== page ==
Sure it does, it happens all the time. A town in Israel is claiming a mermaid shows up at night to frolic in the sea for all those that want to watch. Local officials are now offering a cash prize of $ 1 million for the first tourist to take a photograph of the mermaid. Look, we all know there is no mermaid, so nobody is going to make the million bucks, despite what "the town's people say." What's more likely: That there is a real mermaid or that the local tourism board or a politician made up the story to drive tourists to visit their town? What happens when you have tourists? They spend money on food, beverages, lodging, and merchandise. Once again, attention equals revenue.
How many millions of people have visited Loch Ness in Scotland to try to catch a glimpse of the legendary Nessie, the Loch Ness Monster? How much money have people made off tracking down Bigfoot, or the lost city of Atlantis? How many historical societies have claimed ghost hauntings to get more people through the doors? How many people have flown to Area 51 in Roswell, Nevada, to see for themselves if aliens do in fact exist?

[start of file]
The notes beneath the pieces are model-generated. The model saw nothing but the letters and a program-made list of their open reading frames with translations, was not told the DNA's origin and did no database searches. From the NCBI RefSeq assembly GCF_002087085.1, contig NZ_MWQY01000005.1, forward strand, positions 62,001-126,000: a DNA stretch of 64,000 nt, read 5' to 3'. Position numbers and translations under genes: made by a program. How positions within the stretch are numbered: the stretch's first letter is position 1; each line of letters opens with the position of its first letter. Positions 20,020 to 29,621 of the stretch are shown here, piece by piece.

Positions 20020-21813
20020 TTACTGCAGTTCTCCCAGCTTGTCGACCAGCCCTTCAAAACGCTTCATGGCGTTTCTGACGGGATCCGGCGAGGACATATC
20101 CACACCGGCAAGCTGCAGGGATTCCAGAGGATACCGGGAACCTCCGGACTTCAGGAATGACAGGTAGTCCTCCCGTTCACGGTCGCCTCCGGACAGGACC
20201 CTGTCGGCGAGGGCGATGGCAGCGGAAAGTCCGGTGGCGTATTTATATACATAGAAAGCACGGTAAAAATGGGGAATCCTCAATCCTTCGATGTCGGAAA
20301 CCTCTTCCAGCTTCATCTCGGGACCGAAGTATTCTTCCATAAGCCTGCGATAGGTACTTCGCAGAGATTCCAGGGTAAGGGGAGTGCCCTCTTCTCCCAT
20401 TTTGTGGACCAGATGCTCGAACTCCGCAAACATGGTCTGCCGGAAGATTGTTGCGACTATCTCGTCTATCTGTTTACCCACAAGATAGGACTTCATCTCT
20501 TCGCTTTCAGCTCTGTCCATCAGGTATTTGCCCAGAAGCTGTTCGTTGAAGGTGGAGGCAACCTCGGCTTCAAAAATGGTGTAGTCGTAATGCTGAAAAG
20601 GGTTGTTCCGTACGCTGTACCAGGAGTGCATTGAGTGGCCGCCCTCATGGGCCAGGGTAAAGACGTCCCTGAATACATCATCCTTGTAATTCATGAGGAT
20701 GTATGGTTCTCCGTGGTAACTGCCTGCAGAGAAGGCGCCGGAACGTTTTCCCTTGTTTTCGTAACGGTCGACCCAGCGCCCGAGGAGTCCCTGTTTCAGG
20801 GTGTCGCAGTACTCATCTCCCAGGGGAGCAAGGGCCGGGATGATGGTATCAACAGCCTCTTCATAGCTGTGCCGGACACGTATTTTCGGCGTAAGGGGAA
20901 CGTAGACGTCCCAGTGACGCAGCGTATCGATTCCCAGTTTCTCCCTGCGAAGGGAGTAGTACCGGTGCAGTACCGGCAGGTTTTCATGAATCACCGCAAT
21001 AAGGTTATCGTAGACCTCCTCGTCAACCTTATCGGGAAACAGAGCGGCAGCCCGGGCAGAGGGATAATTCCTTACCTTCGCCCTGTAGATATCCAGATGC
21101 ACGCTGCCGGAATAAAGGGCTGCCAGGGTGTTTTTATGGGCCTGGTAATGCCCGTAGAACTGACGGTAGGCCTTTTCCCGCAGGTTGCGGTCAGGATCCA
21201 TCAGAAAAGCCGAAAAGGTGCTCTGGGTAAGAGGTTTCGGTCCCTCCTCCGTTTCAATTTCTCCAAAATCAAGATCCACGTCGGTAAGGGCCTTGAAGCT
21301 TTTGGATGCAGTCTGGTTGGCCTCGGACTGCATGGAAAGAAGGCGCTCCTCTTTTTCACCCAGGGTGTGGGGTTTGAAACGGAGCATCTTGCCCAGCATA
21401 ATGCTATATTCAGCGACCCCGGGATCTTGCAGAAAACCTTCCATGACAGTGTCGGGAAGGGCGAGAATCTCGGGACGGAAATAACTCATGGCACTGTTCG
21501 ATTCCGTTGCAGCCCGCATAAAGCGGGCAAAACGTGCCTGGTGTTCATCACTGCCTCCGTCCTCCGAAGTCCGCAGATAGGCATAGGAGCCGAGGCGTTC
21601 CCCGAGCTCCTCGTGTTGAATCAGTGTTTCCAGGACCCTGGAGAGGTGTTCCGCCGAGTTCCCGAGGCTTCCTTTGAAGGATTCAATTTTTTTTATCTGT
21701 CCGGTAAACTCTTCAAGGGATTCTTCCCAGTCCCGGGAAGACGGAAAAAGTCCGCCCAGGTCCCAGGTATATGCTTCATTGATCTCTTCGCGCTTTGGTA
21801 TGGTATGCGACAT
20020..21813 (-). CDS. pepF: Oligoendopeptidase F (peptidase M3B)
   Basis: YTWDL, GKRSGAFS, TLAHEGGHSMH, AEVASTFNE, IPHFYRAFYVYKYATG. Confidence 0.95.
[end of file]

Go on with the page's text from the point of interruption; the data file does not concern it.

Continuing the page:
The answer to the previous questions is a lot. More than you can count, and they're all customers.
From the time when each of us was a little child we've been told stories, and usually the best ones are the ones we remember the longest. Books, movies, radio programs, and so on, and now on the Web. There's an opportunity for you to tap ...